Title of Abstract

The Effect of Natural Exposure on Mental Health and Academic Performance

Submitting Student(s)

Sydney Pauley
Braiyan Fierro
Vincent Via

Session Title

The College Experience / Health and Wellness 2

Faculty Sponsor (for work done with a non-Winthrop mentor)

Matthew Hayes, Ph.D.

College

College of Arts and Sciences

Department

Psychology

Abstract

We examined the impact of natural exposure during a pandemic on mental health and academic performance in college students. Hypothesis 1 was short-term exposure to nature that enhances memory, hypothesis 2 was short-term exposure to nature decreases depression levels, and hypothesis 3 was long-term exposure to nature benefits grades and attendance. Participants were 41 college students, with the majority being women (34) and White (27). Participants first completed a self-report on their academic performance as well as demographic questions. Participants were then randomly assigned to either stay inside or go outside for 2 minutes. To ensure validity, participants were asked to observe and reflect their surroundings. While in their respective condition, participants were asked to memorize a tongue twister. Participants then answered two questions on elements in the tongue twister (memory task). Participants then answered three questions about outdoor exposure (time spent outside, exercise, and whether they spent relatively more/less time inside since the pandemic began). Finally, participants completed the Positive and Negative Affect Scale which asked their positive and negative emotions over the past week. Unfortunately, hypothesis 1 couldn’t be evaluated because 92.7% of the participants could only remember one answer to the tongue twister questions. Hypothesis two was not supported. There was no difference in positive mood, and, contrary to prediction, participants in the outdoor group had a higher negative mood than the indoor groups. Failing to support Hypothesis 3, grades were not related to outdoor exposure.

Start Date

15-4-2022 12:00 PM

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Apr 15th, 12:00 PM

The Effect of Natural Exposure on Mental Health and Academic Performance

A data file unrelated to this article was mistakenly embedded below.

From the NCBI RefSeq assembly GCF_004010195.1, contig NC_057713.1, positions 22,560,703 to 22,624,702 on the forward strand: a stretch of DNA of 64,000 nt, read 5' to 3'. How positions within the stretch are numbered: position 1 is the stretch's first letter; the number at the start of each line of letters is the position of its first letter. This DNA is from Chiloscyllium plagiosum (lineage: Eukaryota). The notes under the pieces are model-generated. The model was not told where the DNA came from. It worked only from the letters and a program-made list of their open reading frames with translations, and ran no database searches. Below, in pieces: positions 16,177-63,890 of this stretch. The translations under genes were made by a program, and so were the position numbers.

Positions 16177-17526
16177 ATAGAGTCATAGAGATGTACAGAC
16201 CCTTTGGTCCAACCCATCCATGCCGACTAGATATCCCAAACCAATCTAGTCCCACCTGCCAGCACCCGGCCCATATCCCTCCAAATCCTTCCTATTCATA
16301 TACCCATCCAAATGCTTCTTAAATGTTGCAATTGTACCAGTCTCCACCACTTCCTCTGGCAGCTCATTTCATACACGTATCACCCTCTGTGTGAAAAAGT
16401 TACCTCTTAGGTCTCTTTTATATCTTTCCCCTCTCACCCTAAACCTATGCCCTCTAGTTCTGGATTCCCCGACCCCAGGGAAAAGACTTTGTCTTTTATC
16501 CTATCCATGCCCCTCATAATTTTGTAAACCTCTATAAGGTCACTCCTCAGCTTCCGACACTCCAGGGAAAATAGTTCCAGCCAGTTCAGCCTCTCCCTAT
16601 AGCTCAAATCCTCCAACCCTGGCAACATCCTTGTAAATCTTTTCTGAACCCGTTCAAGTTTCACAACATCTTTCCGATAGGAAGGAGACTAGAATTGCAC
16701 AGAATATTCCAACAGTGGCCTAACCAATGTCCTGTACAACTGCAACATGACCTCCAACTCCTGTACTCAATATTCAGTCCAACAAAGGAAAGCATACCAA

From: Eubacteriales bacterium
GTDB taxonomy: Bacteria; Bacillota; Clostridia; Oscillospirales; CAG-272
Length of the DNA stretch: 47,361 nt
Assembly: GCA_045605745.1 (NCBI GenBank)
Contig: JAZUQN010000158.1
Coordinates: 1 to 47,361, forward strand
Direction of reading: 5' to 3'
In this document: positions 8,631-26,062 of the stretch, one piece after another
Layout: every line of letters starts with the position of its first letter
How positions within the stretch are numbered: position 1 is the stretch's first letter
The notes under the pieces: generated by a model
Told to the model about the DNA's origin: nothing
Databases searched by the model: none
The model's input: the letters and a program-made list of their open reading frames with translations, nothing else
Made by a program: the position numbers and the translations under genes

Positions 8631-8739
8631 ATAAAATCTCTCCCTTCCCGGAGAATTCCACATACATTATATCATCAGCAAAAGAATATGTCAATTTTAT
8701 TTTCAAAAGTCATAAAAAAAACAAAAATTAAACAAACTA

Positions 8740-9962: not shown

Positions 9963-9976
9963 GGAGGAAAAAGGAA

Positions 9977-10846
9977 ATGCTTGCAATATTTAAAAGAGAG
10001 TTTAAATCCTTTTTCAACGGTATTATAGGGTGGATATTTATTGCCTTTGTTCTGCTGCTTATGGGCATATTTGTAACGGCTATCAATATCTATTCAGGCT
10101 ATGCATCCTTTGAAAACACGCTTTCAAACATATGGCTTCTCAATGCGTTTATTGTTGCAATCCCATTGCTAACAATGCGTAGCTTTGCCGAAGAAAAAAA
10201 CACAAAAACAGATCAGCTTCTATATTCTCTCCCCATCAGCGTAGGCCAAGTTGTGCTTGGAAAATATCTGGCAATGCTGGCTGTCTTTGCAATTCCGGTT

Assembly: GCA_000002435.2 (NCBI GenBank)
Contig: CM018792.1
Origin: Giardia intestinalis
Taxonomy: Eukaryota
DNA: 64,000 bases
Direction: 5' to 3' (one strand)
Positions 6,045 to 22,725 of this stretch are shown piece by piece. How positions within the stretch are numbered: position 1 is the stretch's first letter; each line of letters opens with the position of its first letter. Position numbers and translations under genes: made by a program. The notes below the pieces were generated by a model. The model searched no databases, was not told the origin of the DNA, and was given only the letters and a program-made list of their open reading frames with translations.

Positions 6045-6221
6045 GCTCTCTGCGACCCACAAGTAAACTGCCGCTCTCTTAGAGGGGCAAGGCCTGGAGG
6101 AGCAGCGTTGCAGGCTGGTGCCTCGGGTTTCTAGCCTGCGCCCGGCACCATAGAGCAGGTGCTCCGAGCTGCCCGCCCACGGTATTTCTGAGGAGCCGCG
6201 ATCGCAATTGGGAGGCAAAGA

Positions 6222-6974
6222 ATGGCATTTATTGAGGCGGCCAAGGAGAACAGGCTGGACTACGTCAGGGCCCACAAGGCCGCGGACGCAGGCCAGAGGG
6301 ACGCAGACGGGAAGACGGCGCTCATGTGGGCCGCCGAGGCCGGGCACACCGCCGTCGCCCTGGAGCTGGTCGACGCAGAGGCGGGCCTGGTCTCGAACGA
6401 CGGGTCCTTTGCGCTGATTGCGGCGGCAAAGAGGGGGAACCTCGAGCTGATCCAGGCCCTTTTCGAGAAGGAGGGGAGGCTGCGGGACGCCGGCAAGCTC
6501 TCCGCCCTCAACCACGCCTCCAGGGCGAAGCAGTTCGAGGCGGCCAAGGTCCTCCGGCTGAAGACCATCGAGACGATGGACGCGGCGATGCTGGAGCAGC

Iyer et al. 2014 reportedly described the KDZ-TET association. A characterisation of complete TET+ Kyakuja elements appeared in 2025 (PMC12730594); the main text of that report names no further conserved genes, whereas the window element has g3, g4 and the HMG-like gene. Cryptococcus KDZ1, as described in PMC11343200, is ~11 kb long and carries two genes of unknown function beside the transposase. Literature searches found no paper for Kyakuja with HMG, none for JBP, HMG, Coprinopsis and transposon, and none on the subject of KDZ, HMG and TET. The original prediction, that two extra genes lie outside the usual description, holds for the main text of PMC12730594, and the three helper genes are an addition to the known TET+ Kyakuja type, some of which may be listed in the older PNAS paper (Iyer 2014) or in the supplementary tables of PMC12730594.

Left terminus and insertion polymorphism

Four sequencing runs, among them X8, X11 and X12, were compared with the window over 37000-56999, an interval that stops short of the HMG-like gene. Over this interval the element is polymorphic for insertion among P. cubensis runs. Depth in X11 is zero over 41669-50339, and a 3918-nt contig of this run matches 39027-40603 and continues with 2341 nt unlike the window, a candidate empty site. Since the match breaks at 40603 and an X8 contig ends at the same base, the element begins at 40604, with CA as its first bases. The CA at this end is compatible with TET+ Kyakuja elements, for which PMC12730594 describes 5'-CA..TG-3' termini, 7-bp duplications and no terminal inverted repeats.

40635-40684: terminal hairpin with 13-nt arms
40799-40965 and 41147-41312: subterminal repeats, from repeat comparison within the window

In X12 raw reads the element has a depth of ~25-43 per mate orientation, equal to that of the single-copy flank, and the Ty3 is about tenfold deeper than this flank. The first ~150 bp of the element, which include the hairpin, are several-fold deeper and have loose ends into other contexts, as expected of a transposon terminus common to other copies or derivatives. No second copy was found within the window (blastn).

We examined the impact of natural exposure during a pandemic on mental health and academic performance in college students. Hypothesis 1 was short-term exposure to nature that enhances memory, hypothesis 2 was short-term exposure to nature decreases depression levels, and hypothesis 3 was long-term exposure to nature benefits grades and attendance. Participants were 41 college students, with the majority being women (34) and White (27). Participants first completed a self-report on their academic performance as well as demographic questions. Participants were then randomly assigned to either stay inside or go outside for 2 minutes. To ensure validity, participants were asked to observe and reflect their surroundings. While in their respective condition, participants were asked to memorize a tongue twister. Participants then answered two questions on elements in the tongue twister (memory task). Participants then answered three questions about outdoor exposure (time spent outside, exercise, and whether they spent relatively more/less time inside since the pandemic began). Finally, participants completed the Positive and Negative Affect Scale which asked their positive and negative emotions over the past week. Unfortunately, hypothesis 1 couldn’t be evaluated because 92.7% of the participants could only remember one answer to the tongue twister questions. Hypothesis two was not supported. There was no difference in positive mood, and, contrary to prediction, participants in the outdoor group had a higher negative mood than the indoor groups. Failing to support Hypothesis 3, grades were not related to outdoor exposure.